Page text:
Captain Kennedy to the Commissioners - July 5, 1848
THE numbers on the relief list in this Union have been steadily
increasing since last December, and have now arrived at an amount which I conceive renders
some explanation necessary, to guard myself and the Vice-Guardians, from a charge of
mal-administration and profuse expenditure of the Union funds.
Twenty thousand, or one-fourth of the population, are now in receipt of daily food, either in or out of the workhouse. Disease has unfortunately kept pace with destitution, and the high mortality at one period since last November, in and out of the workhouse, was most distressing.
I have frequently been astonished by the sudden and unexpected pressure from certain localities; this naturally induced an inquiry into the causes, and eventually into a general review of the whole Union. The result of this inquiry has convinced me, that destitution has been increased and its character fearfully aggravated by the system of wholesale evictions which has been adopted; that a fearful amount of disease and mortality has also resulted from the same causes, I cannot doubt. I have painful experience of it daily.
To make this understood, I may state in general terms, that about 900 houses, containing probably 4,000 occupants, have been levelled in this Union since last November. The wretchedness, ignorance, and helplessness of the poor on the western coast of this Union prevent them seeking a shelter elsewhere; and to use their own phrase, they "dont know where to face;" they linger about the localities for weeks or months, burrowing behind the ditches, under a few broken rafters of their former dwelling, refusing to enter the workhouse till the parents are broken down and the children half starved, when they come into the workhouse to swell the mortality, one by one.
Those who obtain a temporary shelter in adjoining cabins are not more fortunate. Fever and dysentery shortly make their appearance when those affected are put out by the road-side, as carelessly and ruthlessly as if they were animals; when frequently, after days and nights of exposure, they are sent in by relieving officers when in a hopeless state. These inhuman acts are induced by the popular terror of fever.
I have frequently reported cases of this sort. The misery attendant upon these wholesale and simultaneous evictions is frequently aggravated by hunting these ignorant, helpless creatures off the property, from which they may perhaps have never wandered five miles.
It is not an unusual occurrence to see 40 or 50 houses levelled in one day, and orders given that no remaining tenant or occupier should give them even a nights shelter.
I have known some ruthless acts committed by drivers and sub-agents, but no doubt according to law, however repulsive to humanity; wretched hovels pulled down, where the inmates were in a helpless state of fever and nakedness, and left by the road side for days.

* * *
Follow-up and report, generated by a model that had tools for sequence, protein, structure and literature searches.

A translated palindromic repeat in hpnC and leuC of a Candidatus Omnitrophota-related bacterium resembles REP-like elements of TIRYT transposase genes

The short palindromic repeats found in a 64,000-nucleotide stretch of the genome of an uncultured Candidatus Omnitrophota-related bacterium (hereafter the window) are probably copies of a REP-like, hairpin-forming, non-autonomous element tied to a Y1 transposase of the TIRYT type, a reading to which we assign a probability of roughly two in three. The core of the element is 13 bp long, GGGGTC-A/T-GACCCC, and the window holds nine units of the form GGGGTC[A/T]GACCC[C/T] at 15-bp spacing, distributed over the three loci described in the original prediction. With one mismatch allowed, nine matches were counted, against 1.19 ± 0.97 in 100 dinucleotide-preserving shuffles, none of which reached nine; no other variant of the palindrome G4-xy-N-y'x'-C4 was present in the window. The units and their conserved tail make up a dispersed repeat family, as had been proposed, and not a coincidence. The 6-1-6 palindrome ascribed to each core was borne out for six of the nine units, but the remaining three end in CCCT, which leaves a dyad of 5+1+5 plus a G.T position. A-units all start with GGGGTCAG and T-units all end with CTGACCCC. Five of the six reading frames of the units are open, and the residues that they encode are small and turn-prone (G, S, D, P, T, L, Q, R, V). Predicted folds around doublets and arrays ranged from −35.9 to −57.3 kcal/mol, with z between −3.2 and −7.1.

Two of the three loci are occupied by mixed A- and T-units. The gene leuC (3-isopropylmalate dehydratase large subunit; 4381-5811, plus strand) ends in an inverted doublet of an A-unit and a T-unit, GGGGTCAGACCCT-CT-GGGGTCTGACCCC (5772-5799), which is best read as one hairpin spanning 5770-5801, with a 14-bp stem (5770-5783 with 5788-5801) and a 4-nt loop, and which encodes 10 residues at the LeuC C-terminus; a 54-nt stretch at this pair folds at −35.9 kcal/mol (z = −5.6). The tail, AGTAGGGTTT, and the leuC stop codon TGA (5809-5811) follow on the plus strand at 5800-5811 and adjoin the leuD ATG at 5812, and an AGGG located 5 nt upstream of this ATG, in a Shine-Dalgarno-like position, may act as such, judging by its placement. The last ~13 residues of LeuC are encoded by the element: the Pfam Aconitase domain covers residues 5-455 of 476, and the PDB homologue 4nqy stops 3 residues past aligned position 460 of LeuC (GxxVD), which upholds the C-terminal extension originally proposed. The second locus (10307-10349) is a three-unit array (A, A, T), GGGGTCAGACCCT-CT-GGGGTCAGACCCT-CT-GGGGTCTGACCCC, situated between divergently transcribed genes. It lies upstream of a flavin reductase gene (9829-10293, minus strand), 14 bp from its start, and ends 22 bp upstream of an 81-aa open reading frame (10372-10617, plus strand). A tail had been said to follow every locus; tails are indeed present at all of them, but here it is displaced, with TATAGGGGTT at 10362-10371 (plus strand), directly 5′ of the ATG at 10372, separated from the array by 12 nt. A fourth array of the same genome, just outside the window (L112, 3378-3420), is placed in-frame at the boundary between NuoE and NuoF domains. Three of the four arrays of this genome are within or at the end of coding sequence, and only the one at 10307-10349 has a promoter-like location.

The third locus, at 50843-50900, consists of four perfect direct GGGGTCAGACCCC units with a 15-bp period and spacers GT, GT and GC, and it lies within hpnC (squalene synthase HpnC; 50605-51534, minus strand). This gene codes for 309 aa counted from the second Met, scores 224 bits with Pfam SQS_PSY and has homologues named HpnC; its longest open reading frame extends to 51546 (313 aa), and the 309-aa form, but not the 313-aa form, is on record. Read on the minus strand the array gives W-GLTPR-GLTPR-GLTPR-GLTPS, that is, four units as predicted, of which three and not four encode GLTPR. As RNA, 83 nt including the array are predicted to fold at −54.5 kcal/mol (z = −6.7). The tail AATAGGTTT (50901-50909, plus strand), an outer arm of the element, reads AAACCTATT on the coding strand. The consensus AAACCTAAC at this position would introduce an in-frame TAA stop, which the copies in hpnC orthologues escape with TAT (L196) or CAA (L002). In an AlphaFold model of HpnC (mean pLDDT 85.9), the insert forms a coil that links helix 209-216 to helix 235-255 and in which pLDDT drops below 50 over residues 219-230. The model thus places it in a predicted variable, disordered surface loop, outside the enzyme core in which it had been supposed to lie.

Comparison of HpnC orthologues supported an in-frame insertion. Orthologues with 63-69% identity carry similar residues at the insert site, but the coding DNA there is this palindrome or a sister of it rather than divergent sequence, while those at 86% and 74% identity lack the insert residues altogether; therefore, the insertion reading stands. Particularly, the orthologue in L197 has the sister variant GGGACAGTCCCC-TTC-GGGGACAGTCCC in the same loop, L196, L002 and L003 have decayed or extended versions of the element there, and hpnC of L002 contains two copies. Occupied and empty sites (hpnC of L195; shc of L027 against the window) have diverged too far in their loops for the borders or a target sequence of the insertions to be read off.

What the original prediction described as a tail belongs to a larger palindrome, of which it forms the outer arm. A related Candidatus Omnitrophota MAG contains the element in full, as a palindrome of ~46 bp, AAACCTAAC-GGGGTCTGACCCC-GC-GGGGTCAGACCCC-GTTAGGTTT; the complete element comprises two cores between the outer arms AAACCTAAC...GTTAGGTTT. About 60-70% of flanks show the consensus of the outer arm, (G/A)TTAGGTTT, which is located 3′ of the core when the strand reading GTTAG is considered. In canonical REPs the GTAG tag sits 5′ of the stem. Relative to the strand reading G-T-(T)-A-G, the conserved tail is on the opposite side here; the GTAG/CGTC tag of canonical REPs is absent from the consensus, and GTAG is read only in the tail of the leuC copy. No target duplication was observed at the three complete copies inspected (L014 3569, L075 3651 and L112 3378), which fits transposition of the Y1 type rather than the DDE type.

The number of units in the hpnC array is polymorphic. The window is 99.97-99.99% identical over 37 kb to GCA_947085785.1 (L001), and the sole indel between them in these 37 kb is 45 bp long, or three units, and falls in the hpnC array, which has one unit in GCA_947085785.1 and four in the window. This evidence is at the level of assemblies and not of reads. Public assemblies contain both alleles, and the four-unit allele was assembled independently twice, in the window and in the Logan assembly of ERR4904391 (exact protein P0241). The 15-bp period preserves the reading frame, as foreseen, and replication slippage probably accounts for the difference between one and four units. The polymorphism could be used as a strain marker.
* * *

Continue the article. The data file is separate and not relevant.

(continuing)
As many as 300 souls, creatures of the most helpless class, have been left houseless in one day, and the suffering and misery resulting therefrom attributed to insufficient relief or mal-administration of the law: it would not be a matter of surprise that it failed altogether in such localities as those I allude to. When relieved, charges of profuse expenditure are readily preferred.
The evicted crowd into the back lanes and wretched hovels of the towns and villages, scattering disease and dismay in all directions. The character of some of these hovels defies description. I, not long since, found a widow whose three children were in fever, occupying the piggery of their former cabin, which lay beside them in ruins; however incredible it may appear, this place where they had lived for weeks, measured 5 feet by 4 feet, and of corresponding height. I offered her a free conveyance to the workhouse, which she steadily refused; her piggery was knocked down as soon as her children were able to crawl out on recovery: and she has now gone forth a wanderer. I could not induce any neighbour to take her in, even for payment; she had medical aid, and all necessary relief from the Union.
There are considerable numbers in this Union at present houseless, or still worse, living in places unfit for human habitation where disease will be constantly generated.
The workhouse has been frequently swamped by this class, and the hospital and infirmary must be so while such a state of things exists.
I would not presume to meddle with the rights of property, nor yet to argue the expediency or necessity of these "monster clearances," both one and the other no doubt frequently exist; this, however, renders the efficient and systematic administration of the Poor Law no less difficult and embarrassing. I think it incumbent on me to state these facts for the Commissioners' information, that they may be aware of some of the difficulties I have to deal with.
The difficulty of arriving at strictly accurate information on this head, is obvious; but the general accuracy of the returns I forward may be relied upon. They show the name of the lands and the numbers evicted, being 2,801 persons. I have returns of about 400 more in preparation, and I do not think I have yet got through two-thirds of the number of houses levelled or persons evicted in the Union. A great number of temporary huts which have been erected are altogether insufficient for shelter in the winter months. The listless and improvident owners lack the means and energy to better them.
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